Unraveling The Single Story in Microfinance

This blog post was inspired by our founder's TEDx Talk “Rethinking the Paradigm of Poverty” and originally featured in the Month of Microfinance. #MoMF16 is a grassroots movement with a passion for client-centered microfinance and an intense commitment to learning. Learn more about the Month of Microfinance here.

In 2009, Nigerian novelist Chimamanda Ngozi Adichie stood in front of hundreds of people at TED Global and delivered “The Danger of a Single Story.” In this talk, she spoke of the myopic perspectives of Africa, including her own experience pitying another African family after being told of their poverty over and over again; she said she was never able to see them as anything but poor. She also described the crippling and unintended consequences of telling just one story about other people whom you do not know:

“It robs people of dignity. It makes our recognition of our equal humanity difficult. It emphasizes how we are different rather than how we are similar.”

Adichie is one of many people in this world who argue for a more nuanced, authentic, and accurate depiction of Africa. That is quite difficult to achieve when the single story of Africa—in particular African women—permeates not only the development sector, but our daily lives as we are inundated with corporate social responsibility campaigns, buy-one-give one programs, and the like.


The Making of a Myth

The single story about African women is part of the “myth making” that has lead to the creation of iconic images of women and simplistic slogans. Those of us involved in microfinance are not immune to this myth making. How many of us tell the story of a single $25 loan lifting a woman out of poverty when there is ample data (that most likely neatly fits with our experiences in the field) that it does not? Does our stories about “empowered women” come from our loan portfolio or from rigorous qualitative and quantitative data collection from the field? This (girl-washing) has rendered the term empowerment nearly useless as it stands for everything and nothing all at the same time. Those who are our intended beneficiaries are rendered silent, denied agency as outsiders construct their identity.

Perhaps we perpetuate these myths because we need something to believe in, something to sustain us as we face overwhelming obstacles of poverty and inequality, pain, and suffering. Our moral conviction and sense of purpose can be so deeply tied to these constructs that we arguably have had no choice but to create and sustain our belief in our own myths. Despite the good work that we do helps millions of people around the world, there are consequences that can be difficult to discern.

Reconceptualizing Poverty

Unfortunately (and unknowingly), we have contributed to recurring binary themes that exist about women: women as vulnerable or women as virtuous. Women from the global South, both as individuals (woman) and as a larger homogeneous demographic (women), are portrayed to fit neatly into the predetermined construct of poverty. This is problematic in the sense that it results in policies and strategies that are ineffective (not to mention also locking women into a singular time and place devoid of context). Microcredit is not generating significantly higher incomes on average for the average micro-entrepreneur operating in the informal sector. And yet many of us have focused almost exclusively on the power of women and entrepreneurship while overlooking many systemic issues and holistic solutions.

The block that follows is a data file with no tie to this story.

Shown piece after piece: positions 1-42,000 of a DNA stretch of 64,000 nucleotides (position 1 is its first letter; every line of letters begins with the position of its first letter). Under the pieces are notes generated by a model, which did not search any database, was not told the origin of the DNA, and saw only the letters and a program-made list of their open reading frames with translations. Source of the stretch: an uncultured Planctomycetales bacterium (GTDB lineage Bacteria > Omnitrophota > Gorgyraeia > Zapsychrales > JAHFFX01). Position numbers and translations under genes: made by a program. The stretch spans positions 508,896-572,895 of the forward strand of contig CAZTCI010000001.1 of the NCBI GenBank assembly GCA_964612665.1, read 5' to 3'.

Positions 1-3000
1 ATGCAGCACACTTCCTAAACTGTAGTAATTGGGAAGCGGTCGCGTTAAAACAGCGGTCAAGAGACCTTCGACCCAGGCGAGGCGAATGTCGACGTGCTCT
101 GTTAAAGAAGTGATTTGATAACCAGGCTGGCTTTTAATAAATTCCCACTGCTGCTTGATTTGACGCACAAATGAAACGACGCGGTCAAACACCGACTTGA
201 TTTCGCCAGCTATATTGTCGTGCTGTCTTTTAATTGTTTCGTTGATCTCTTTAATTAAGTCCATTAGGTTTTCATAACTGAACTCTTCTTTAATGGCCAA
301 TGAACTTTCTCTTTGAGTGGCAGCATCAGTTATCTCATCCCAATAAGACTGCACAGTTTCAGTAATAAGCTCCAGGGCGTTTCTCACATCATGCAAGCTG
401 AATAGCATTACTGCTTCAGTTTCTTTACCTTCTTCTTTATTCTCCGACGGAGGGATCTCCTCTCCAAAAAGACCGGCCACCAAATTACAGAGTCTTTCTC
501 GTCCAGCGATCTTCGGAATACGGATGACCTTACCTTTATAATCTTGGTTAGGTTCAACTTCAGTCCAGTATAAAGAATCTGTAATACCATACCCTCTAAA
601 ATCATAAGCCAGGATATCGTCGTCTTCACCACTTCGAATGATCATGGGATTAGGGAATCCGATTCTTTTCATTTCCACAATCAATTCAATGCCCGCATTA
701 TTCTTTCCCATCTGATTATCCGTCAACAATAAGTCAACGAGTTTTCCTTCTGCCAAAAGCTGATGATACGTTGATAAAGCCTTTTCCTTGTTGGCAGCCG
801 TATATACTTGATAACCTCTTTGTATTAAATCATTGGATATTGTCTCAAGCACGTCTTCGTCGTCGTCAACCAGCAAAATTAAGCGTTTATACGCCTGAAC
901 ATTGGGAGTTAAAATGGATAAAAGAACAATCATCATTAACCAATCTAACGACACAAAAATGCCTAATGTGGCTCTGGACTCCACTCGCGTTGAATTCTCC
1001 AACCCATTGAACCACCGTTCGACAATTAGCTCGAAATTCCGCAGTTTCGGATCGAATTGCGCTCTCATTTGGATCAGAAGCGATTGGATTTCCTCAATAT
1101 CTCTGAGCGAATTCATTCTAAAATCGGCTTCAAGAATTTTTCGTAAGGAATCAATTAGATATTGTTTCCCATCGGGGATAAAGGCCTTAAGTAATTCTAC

Poverty is a cross-cutting, complex issue, yet it is often reduced to a simple economic understanding of the net worth of an individual, a net worth that can be molded—or shall I say transformed—by entrepreneurship, the free market, and microfinance. But we should not confuse wealth with well-being; economic activity alone cannot account for what is important in people’s lives. There are other forms of capital accumulation—social, natural, and human—that play a significant role in the health and well-being of people and communities.

Partnership, Not Pity

As microfinance professionals and advocates, we have an opportunity to build solutions and tell stories that move beyond the limitations of traditional economics. It is time to transcend the development trope of the empowered entrepreneur/woman/girl/insert-next-big-thing-here. The lives of the people we serve are far more nuanced, and they deserve to be represented in ways that tell their entire story. If we want to create radical change we cannot continue the myth making that as Adichie notes, (accidentally) dehumanizing the very people we aim to help. We need to unravel the single stories that we are creating about the poor. That process can be quite messy as it requires us to look with a more discerning lens at the normalcy of our beliefs about entrepreneurship, capitalism, development, globalization, and the like. But I firmly believe that if we challenge ourselves to ask the hard questions and become comfortable with being uncomfortable, then we will be able to move away from selling pity and more toward an authentic partnership with the people that we care so much about.